"This poll shows a disconnect between what some parents think is happening with their teenage children and what teens say they are experiencing," said Family Violence Prevention Fund President, Esta Soler. "Not enough parents recognize behaviors that may be warning signs of abuse. It concerns us that about one-third of parents don't recognize that isolation from family, being kept away from family by a dating partner, and isolation from friends can be danger signs. We are making progress educating parents, but we'd like those numbers to be higher. So we have more work to do. Dating violence is a huge problem in this country, and we need parents, schools and everyone to take responsibility for helping keep teens safe. Macy's is leading the way with its support for the RESPECT! campaign, which offers the tools parents need to define and promote healthy relationships, and intervene effectively if abuse begins."

MADE Co-Founder Ann Burke testified at a Senate Judiciary Committee hearing addressing the reauthorization of the Violence Against Women Act (VAWA) and funding for teen dating abuse education and prevention initiatives. Ann and Chris Burke worked tirelessly with Rhode Island Attorney General Patrick Lynch to advocate for The Lindsay Ann Burke Act which was adopted in 2007 and requires all school districts in Rhode Island to teach about the signs of dating violence and abuse every year from grades 7- 12. The Act was named in honor of Lindsay Ann Burke, who was murdered by her ex-boyfriend after a 2-year struggle in an abusive relationship.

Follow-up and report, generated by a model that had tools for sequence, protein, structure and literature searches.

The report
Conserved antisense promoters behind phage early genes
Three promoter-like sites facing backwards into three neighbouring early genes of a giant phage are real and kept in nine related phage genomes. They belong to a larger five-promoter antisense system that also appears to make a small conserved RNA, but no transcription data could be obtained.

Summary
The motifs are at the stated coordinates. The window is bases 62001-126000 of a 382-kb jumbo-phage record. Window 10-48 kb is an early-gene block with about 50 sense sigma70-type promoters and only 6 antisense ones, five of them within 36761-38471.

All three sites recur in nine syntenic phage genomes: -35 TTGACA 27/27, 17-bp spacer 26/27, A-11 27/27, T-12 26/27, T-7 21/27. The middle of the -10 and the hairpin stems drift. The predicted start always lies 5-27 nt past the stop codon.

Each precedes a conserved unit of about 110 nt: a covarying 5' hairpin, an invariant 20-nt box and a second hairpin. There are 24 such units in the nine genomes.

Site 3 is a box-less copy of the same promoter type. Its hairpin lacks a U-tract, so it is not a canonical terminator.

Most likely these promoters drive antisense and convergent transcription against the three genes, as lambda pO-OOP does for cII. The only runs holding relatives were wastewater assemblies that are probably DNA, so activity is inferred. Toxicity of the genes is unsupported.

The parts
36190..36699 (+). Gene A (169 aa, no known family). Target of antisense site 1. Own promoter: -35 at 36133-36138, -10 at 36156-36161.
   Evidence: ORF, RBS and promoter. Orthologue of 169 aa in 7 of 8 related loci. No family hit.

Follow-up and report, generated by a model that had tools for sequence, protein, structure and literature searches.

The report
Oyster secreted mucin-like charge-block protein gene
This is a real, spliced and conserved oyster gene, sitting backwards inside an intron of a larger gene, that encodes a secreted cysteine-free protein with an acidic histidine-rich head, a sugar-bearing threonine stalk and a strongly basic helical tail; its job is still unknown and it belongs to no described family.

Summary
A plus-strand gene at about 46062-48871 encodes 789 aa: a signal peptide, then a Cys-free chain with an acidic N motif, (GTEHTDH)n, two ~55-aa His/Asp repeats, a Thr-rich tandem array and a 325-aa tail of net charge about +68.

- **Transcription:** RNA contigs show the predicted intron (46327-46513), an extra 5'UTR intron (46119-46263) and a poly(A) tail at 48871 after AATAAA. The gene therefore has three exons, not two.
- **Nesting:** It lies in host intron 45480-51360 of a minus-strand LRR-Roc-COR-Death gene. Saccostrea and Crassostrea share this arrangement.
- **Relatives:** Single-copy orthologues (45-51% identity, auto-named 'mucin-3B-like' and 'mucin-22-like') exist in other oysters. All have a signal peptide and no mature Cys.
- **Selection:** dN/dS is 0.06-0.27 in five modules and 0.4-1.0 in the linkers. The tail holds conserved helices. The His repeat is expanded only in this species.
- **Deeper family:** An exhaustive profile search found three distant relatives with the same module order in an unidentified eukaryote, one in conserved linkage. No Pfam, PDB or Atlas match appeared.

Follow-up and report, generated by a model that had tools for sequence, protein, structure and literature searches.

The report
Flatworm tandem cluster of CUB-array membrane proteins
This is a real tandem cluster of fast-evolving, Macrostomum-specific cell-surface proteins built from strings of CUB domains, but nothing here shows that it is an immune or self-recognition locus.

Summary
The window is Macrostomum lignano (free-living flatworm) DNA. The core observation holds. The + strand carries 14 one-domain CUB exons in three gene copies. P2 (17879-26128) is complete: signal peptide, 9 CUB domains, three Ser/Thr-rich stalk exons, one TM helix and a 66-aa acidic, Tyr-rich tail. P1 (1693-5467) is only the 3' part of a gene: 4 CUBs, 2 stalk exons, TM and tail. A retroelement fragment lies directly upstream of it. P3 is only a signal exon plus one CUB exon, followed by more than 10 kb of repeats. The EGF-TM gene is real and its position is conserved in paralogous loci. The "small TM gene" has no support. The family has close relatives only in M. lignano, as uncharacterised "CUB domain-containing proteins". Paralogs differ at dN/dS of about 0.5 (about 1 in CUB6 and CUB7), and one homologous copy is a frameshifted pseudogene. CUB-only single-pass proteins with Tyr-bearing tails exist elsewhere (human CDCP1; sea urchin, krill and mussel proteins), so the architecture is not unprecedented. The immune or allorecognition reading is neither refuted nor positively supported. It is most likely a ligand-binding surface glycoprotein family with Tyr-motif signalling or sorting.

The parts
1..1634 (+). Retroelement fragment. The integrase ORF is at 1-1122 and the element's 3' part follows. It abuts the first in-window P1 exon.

Survey Methodology
Liz Claiborne Inc. and Family Violence Prevention Fund commissioned TRU to conduct quantitative research among teens who have been in a relationship (ages 13-18) and parents of teens (ages 11-18) about young dating relationships and the presence/absence of abusive behaviors. TRU independently sampled the two groups and fielded a customized 15-minute survey online to both groups from April 10 to May 5, 2009. TRU recommended online as the data-collection method for this research not only because of its high penetration (93%) among this population, but also because of the sensitive nature of the content of this survey, allowing young people to answer candidly (i.e., no adult interviewer) within the context of their preferred communications method. A total of 1,233 teens and 500 parents completed the survey, resulting in a margin of error (at the 95% confidence level) of ±2.8 percentage points for teens in total, and ±4.4 percentage points for parents.